This article is from the archive of our partner .

Failed presidential candidate Mitt Romney weighed in on the current Republican shenanigans on Friday in an interview with CNN. And it sounds like the former Massachusetts governor, whom President Obama likes to credit with the "blueprint" for the Affordable Care Act, isn't a fan of the Ted Cruz-led plan to force a government shutdown over the funding of Obamacare. "We're more effective tactically not to use a shutdown of some kind to pursue the ... anti-Obamacare objective," Romney said. But Romney still thinks Republicans should try and get rid of the health care law: 

"I think there's a better way of getting rid of Obamacare — my own view — and that is, one, delaying it by at least a year... The other would be potentially working hard to get Republicans elected to the House and Senate and they'd be able to do in a traditional way." 

Romney's argument — in part, to take another shot at what the party failed to do in 2012 — is actually pretty mild in its criticism of the wing of his party leading the current strategy. And Romney, it seems, declined to provide a similar criticism of a separate plan to refuse to lift the debt ceiling if Obama and Democratic-led Senate don't let the House Republicans pass every major policy goal of their party. That plan includes a provision that would delay Obamacare for a year. In essence, Romney's answer to the debt ceiling question was to blame Obama:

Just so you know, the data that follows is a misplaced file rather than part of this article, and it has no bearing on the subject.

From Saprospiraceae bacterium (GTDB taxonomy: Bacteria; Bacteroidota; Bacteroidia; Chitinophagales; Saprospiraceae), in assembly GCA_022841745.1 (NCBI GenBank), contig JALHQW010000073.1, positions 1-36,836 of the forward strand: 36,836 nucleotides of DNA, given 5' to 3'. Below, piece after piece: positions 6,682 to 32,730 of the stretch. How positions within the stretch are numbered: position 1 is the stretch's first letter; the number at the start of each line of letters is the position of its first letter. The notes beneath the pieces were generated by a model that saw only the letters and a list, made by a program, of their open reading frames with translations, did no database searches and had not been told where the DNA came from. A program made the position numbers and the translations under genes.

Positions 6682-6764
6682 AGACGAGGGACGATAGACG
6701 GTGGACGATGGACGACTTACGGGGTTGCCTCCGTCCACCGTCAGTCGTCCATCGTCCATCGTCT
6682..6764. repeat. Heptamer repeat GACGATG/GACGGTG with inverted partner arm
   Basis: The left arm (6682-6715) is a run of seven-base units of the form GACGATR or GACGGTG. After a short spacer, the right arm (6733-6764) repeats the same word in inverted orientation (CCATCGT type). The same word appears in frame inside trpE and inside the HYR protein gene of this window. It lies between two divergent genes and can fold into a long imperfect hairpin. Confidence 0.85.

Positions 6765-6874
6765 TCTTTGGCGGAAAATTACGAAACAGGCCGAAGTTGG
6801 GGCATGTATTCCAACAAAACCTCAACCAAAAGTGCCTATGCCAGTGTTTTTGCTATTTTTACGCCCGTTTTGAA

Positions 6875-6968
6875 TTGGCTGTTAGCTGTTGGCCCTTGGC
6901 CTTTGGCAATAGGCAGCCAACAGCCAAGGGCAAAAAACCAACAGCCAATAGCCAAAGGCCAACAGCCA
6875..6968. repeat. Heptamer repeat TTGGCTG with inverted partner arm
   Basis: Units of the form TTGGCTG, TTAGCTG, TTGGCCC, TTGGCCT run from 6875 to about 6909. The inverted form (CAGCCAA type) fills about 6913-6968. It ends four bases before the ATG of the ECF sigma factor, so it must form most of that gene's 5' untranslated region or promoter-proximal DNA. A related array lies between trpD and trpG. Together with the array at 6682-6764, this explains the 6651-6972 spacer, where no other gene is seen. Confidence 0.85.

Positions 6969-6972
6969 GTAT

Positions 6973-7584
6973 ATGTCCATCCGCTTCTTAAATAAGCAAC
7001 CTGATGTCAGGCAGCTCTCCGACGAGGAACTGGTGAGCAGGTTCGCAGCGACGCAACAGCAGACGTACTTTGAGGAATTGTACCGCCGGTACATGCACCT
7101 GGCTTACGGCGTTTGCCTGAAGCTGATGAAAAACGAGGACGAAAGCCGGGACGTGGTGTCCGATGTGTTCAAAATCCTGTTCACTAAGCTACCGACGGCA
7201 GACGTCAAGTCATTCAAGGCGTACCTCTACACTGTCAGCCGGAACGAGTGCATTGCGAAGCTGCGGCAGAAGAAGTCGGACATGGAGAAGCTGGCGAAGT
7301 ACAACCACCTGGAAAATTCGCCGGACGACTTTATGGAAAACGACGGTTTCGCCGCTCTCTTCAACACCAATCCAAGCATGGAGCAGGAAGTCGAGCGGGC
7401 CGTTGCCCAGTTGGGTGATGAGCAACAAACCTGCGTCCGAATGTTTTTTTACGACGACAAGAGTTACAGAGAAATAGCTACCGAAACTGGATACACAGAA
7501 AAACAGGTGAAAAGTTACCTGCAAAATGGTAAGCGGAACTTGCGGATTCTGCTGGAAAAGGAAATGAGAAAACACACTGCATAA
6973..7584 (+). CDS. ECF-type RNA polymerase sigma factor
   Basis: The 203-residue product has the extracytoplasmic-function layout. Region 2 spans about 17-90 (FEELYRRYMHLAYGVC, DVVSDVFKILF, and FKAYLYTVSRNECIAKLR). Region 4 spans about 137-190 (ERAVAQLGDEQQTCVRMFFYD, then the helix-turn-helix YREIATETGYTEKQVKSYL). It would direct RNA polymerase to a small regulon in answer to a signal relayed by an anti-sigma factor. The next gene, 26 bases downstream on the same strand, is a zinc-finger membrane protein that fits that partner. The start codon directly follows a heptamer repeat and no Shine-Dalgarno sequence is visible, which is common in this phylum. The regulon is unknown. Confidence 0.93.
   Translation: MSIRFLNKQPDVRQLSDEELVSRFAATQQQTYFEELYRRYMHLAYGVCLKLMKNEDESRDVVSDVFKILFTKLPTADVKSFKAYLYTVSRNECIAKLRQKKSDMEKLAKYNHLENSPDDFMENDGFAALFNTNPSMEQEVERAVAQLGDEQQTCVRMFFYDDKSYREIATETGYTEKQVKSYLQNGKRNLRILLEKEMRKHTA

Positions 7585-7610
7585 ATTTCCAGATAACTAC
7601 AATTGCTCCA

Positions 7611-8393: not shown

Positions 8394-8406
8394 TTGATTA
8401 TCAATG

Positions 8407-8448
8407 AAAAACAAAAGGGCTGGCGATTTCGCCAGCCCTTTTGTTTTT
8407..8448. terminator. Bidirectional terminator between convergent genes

"There's no question that the political dysfunction is the cause of many of the problems of the country," he said, noting that leadership is needed "breakthrough" it. "And unfortunately, we haven't seen the kind of leadership in the White House. The president spends his time attacking the opposition party..." 

This is the second resurfacing for Romney in a week. On Wednesday, the former candidate headlined a fundraiser for Ken Cuccinelli, who's running in Virginia for governor on a conservative platform. The full CNN interview will air later on Friday afternoon. 

This article is from the archive of our partner The Wire.

We want to hear what you think about this article. Submit a letter to the editor or write to letters@theatlantic.com.